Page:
Qualcomm scored a victory in one of the many battles in its war with Apple and others surrounding licensing practices for baseband processors. In July, Apple — which is suing Qualcomm for allegedly overcharging for licenses to use its chip patents and withholding over a billion dollars in royalties — amended a pending complaint to add claims relating to an additional nine patents-in-suit. In August, Qualcomm moved to dismiss the additional claims relating to those nine patents on the grounds that the court lacked declaratory judgment jurisdiction to hear the claims. This month, the Southern District of California dismissed the additional claims, agreeing with Qualcomm that jurisdiction did not exist.
The center of Qualcomm and Apple’s dispute over the nine potential patents-in-suit regarded whether Qualcomm’s reference to the nine patents as potentially essential to a standard practiced by Apple, or some other action, were “affirmative acts” relating to the enforcement of Qualcomm’s patent rights needed to establish an actual case and controversy for declaratory judgment jurisdiction. In our coverage of Qualcomm’s motion, we noted that the court “may tell Apple and other license holders that they cannot invoke Article III jurisdiction without more than suggestion and innuendo.” Indeed, in granting Qualcomm’s motion, the court stated “[t]he law of declaratory judgment jurisdiction requires more specificity and more detailed infringement analysis than mere identification in a 1,975 page list.” We could spend all day debating which was the better crafted punchline, but the point remains that this was a solid victory for Qualcomm.
The court also separately dismissed the claims of several cellphone manufacturers who asserted they were at risk of patent litigation from Qualcomm for the potential infringement of those same nine patents. The manufacturers had argued the “threats” Qualcomm issued Apple extended to them as the manufacturers of those actual phones. Since the court found those same threats insufficient to create jurisdiction in Apple’s case, the court declined to find they were sufficient here. The manufacturers also sought a declaratory judgment for unpaid royalties under their respective licensing agreements, but the court found there was no case or controversy with respect to the additional nine patents because any declaratory judgment on those grounds would not finally and conclusively resolve the underlying controversy between the manufacturers and Qualcomm.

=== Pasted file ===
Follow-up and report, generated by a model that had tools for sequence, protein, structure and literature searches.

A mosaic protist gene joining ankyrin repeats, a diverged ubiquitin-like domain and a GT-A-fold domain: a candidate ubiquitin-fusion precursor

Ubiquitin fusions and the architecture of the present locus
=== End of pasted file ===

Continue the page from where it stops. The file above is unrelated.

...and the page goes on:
The court’s order was not a complete victory for Qualcomm. Apple also succeeded in its motion to dismiss Qualcomm’s state-law unfair competition claims that it was harmed by (1) Apple’s public comments that there were no differences in performance between iPhones powered by Qualcomm processors and iPhones powered by chips from other manufacturers, and (2) related threats of retaliation if Qualcomm disclosed the discrepancy. The court found that Apple’s actions in concealing the performance advantage of Qualcomm chips was pro-competitive because it allowed Intel to develop as a competitive supplier. Therefore, Qualcomm could not assert harm on those grounds. The court did, however, grant Qualcomm leave to amend its claims to show how it was harmed by Apple’s threats that it would retaliate against Qualcomm if it disclosed the performance disparity.
As we noted previously when speculating on the outcome of these motions, a decision for Qualcomm suggests that patent holders can do everything short of uttering an affirmative threat of litigation without creating an actual case or controversy sufficient to establish declaratory judgment jurisdiction. Companies hoping to assert jurisdiction in such actions should be advised to make sure that they can produce evidence of specific threats relating to specific patents if they wish to survive motions to dismiss. Qualcomm’s allusions to infringement on the part of Apple in this instance were sufficiently vague to give them victory on those grounds in this battle. Elsewhere, the fight continues.